Everything, from whether you use the Oxford comma to the particular photos you choose, says something about your brand and messaging. So choose wisely. Once you find styles that work, creating a template for consistency will help make your email marketing strategy more effective.
I really need you to pay attention here. I’m not kidding, exaggerating, or using any form of hyperbole when I say A/B Testing is the most critical practice within your email marketing strategy. Everything else is secondary. EVERYTHING.
A/B Testing is a method to test what works and doesn’t in an email. You start by choosing what you want to test. It could be subject lines, a CTA, format for the body, or anything you want.
You conduct a test by making two versions of the same email but change the one variable you want to test. You randomly divide your email list in half and send one version of the email to each half. Then, you measure the results to see which version performed better. You’ll repeat this process several times, then adopt the version that consistently performs better.
A/B testing is the most effective way to optimize your marketing strategy. By isolating one variable of your email, sending it to random customers, and tracking your findings, you can find what your audience responds better to. Maybe they like seeing a more casual subject line or are more inclined to open an email if there’s a video than an infographic. Or perhaps the CTR is higher when you use a different font. A/B testing allows you to finely tweak your emails to better serve your customers.
The trick is to never stop A/B testing. Ever. There will always be something to test or tweak. Whether you want to change your color scheme or use a different CTA button, you always have to be conducting A/B tests. You never know what you’ll find.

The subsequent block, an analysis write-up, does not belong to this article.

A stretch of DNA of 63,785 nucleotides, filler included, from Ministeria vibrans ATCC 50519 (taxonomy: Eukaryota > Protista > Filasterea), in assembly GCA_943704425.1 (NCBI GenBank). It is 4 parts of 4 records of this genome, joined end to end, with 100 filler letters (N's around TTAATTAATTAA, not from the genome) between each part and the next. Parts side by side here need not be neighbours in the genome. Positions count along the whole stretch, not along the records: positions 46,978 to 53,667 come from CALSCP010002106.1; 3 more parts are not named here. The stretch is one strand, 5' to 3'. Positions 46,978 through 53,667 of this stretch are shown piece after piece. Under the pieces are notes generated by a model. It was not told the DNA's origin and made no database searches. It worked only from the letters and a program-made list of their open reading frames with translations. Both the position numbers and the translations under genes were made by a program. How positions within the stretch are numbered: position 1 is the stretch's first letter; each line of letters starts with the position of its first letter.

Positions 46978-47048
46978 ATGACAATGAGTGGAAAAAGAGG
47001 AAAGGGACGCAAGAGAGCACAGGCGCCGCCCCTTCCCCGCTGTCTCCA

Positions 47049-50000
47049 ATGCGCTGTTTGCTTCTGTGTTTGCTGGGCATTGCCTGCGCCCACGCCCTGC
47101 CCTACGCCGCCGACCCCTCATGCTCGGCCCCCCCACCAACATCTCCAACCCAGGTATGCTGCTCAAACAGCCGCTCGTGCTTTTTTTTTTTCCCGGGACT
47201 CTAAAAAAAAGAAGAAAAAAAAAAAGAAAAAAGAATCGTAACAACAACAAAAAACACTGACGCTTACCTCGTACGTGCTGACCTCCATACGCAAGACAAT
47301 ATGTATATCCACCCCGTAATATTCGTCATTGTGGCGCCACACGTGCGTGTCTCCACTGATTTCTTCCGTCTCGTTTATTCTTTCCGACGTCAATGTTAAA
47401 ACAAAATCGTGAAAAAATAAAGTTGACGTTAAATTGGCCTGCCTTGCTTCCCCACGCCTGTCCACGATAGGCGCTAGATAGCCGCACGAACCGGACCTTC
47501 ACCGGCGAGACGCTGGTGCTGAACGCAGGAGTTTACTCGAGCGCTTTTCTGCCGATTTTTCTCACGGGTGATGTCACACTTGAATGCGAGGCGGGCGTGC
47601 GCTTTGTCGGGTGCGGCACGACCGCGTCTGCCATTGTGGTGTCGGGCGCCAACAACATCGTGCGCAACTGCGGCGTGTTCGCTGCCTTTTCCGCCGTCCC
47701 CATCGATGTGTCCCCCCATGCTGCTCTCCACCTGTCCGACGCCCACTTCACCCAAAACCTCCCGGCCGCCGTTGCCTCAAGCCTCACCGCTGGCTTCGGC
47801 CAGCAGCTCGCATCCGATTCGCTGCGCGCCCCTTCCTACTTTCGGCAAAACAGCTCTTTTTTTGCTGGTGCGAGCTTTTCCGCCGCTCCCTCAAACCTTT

Do you know what sells customers on your products better than anything else? Other customers! You can do all the advertising you want, but nothing will ever convince a customer to make a purchase better than reviews, testimonials, and referrals.
It all boils down to trust. No matter how transparent and honest your brand is about your product’s features, strengths, and weaknesses, you are still getting money from them for buying the product. Because you want to sell your product, customers want to hear about it from someone not benefiting from its sale.
Reading reviews is a vital part of the buyer’s journey. Almost 90% of customers read reviews before making a purchase, and 54.7% read at least four reviews before making a purchase. Customers want to know what a product is like when they own and use it. As much as 79% of customers trust online reviews as much as personal recommendations. Customers want verification that what they are getting will help them, and an effective email marketing strategy can help harness that trust.
Sharing customer success stories is a great way to show the impact of your products. For B2B products, you can show measurable increases in efficiency and revenue, and with B2C products, you can create a story for your customers to relate to.
You can also share reviews or links to reviews. Customers will trust you more for transparency. Encouraging reviews in your email marketing, especially after someone purchases a product, is vital to online success. Customers trust businesses more with many reviews, and it improves your reputation with search engines. Encouraging reviews can be nerve-wracking, but it will help boost your growth.